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Mosquitoes take on rabbit fever and win

Researchers at George Mason who are investigating potential new sources of antibiotics are looking at unlikely sources including alligator blood and mosquitoes, said Monique van Hoek, a professor in Mason’s School of Systems Biology and at the National Center for Biodefense and Infectious Diseases.

Read the full article: https://www2.gmu.edu/news/253116

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Gator Blood Contains Naturally Strong Germ Fighters

Sophisticated germ fighters found in alligator blood may help future soldiers in the field fend off infection, according to new research by George Mason University.

Read the press article: https://www2.gmu.edu/news/1455

Read the journal publication: http://journals.plos.org/plosone/article?id=10.1371/journal.pone.0117394

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New Study: Cranberries Pack a Punch to Bacteria Linked to Cystic Fibrosis

George Mason researchers are seeking out naturally based remedies to beat back antibiotic-resistant bacteria—and finding success.

Read the press article: https://www2.gmu.edu/news/1457

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International Research Team Tackles Deadly Virus

A George Mason University-led team of international researchers is looking for ways to treat a debilitating and often fatal encephalitis virus that hits horses and humans alike.

Read the press article: https://www2.gmu.edu/news/1757

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Dr. Hakami is awarded USAMRIID contract

The U.S. Medical Research Institute of lnfectious Diseases (USAMRIID) has announced intentions to award a new contract to Dr. Hakami of George Mason University for profiling of host responses to high priority pathogens.

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Bugged Out: Bed Bugs Could Be Key in Development of New Antibiotics

Dr. van Hoek’s bed bug collaborative research may yield alternatives to antibiotics.

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Mason Researchers Looking for Fresh Answers in a Medieval Disease

George Mason University professor Ramin M. Hakami is searching for new ways to treat modern ailments by studying bacterial and viral biodefense agents, including the medieval disease notoriously known as the Black Death.

Read the press article: https://www2.gmu.edu/news/1924

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Dr. Van Hoek and Barney Bishop – Mason 4-VA Grant Awards Honored

Drs. Monique van Hoek and Barney Bishop were awarded a collaborative grant with James Madison University to study antimicrobial activity in the bedbug, Cimex lectularius.

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Molecular drill bits attack tuberculosis

Dr. Monique van Hoek is quoted in an article about peptides designed to break through bacteria walls.

“In the ongoing battle against emerging antibiotic resistant bacteria, antimicrobial peptides represent a potentially powerful new class of antibiotics,” says Monique van Hoek, who works on AMPs at George Mason University in the US.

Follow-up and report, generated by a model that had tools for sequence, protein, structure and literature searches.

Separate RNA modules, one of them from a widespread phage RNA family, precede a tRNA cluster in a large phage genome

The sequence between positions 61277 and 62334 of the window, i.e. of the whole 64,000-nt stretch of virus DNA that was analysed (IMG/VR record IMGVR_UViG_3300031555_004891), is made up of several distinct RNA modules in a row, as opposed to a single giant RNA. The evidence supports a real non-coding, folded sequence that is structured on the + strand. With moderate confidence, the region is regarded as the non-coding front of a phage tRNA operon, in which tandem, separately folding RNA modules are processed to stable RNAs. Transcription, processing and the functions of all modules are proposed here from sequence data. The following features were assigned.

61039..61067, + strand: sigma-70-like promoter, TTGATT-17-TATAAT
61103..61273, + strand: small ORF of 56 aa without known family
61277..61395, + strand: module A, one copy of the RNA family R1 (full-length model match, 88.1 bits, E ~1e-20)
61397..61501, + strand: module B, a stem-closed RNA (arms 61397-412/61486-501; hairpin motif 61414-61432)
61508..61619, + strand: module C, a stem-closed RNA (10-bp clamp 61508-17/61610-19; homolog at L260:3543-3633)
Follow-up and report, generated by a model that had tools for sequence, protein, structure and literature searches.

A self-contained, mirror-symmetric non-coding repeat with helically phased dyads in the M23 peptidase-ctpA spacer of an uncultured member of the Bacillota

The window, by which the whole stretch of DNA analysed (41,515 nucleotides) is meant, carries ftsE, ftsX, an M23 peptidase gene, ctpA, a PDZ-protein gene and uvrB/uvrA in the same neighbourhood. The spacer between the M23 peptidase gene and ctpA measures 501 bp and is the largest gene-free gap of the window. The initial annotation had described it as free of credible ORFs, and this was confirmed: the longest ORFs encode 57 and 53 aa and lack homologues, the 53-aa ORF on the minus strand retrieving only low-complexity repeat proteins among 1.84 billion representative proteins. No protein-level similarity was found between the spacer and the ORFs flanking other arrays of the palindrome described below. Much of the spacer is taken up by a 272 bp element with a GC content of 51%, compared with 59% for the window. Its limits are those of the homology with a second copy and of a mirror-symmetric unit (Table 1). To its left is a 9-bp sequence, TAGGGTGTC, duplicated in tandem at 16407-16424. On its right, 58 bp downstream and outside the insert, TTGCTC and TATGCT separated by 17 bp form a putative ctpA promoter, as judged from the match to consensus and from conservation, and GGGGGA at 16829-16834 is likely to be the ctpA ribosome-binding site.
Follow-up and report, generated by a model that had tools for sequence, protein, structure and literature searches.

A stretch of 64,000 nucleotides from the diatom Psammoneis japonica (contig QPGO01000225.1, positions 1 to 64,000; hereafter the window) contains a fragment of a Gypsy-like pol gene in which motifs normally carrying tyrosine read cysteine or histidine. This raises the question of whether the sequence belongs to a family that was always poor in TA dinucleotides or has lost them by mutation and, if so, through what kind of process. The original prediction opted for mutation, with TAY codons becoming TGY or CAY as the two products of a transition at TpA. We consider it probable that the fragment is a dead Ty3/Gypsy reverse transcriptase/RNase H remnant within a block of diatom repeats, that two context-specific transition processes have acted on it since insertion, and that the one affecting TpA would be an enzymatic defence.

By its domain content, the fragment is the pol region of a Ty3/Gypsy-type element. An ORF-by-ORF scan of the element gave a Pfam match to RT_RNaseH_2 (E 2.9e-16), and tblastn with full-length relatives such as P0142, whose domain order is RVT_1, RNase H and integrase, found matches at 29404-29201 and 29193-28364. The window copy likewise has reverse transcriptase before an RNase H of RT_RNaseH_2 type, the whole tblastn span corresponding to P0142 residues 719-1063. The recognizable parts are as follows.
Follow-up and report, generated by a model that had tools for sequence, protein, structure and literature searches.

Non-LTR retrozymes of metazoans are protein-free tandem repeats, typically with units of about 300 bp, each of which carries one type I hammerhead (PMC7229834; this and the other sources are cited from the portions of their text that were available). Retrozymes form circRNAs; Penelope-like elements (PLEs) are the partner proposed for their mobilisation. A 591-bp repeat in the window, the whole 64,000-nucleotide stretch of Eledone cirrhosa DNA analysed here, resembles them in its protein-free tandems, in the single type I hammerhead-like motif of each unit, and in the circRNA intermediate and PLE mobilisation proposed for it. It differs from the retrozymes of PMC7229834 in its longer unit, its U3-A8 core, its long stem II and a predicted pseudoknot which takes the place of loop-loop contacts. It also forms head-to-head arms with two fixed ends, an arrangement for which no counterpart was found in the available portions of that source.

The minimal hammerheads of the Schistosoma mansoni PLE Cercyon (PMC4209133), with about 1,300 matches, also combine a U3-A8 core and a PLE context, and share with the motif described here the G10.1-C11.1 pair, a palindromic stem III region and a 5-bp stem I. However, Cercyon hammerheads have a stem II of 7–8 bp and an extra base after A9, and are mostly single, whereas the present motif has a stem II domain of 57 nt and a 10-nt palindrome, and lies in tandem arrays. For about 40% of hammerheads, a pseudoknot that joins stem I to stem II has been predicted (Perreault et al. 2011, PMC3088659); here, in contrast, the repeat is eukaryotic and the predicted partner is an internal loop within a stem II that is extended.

Read the full article: https://www.chemistryworld.com/research/molecular-drill-bits-attack-tuberculosis/7187.article

Original embargoed version: https://www.acs.org/content/acs/en/pressroom/newsreleases/2014/march/fighting-antibiotic-resistance-with-molecular-drill-bits.html

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Expert commentary

Expert Commentary: Could wasp venom peptide keep catheters sterile?

Immobilised antimicrobial peptides damage E. coli cell membranes but leave human cells intact

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Dr. van Hoek receives 2013 OSCAR Mentoring Excellence Award

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JSTO – In the News (CBS Input – December 2012)

DTRA Funded Effort Studies Anti-infective Properties of Reptile Serum

Seven months ago, DTRA initiated a research effort to take advantage of the anti-infective properties of reptile serum. The concept is to identify and use constitutive parts of serum that enables animals to fight infection, notably cationic antimicrobial peptides. These peptides will be isolated using a novel, nanoparticle-based approach.

The foundation for this DTRA-funded work is research performed at George Mason University (GMU) in the laboratories of Dr. Monique van Hoek (National Center for Biodefense and Infectious Diseases) and Dr. Barney Bishop (Department of Chemistry) that demonstrated anti-microbial and anti-biofilm properties of these CAMPs. Recently, their published work has been recognized by the respective journals as being among the highest viewed articles.  For example, their paper in Frontiers in Microbiology has received 1391 views [1]. The companion paper in BMC Microbiology was “Highly Accessed” with 5647 views so far [2], and a second companion paper in BBRC received a favorable score in a Faculty of 1000 review [3,4]. All of the researchers and students involved are very excited to be working on this project. The principal investigator on the project HDTRA1-12-C-0039 “Translational Peptides for Personal Protection” is Dr. Joel Schnur. (POC Al Graziano, 767-3360)

1. Dean, S. N., Bishop, B. M., & Van Hoek, M. L. (2011). Susceptibility of Pseudomonas aeruginosa biofilm to alpha-helical peptides: D-enantiomer of LL-37. Frontiers in Microbiology, 2.

2. Dean, S. N., Bishop, B. M., & van Hoek, M. L. (2011). Natural and synthetic cathelicidin peptides with anti-microbial and anti-biofilm activity against Staphylococcus aureus. BMC Microbiology, 11(1), 114.

3. Amer, L. S., Bishop, B. M., & van Hoek, M. L. (2010). Antimicrobial and antibiofilm activity of cathelicidins and short, synthetic peptides against Francisella. Biochemical and Biophysical Research Communications, 396(2), 246-251.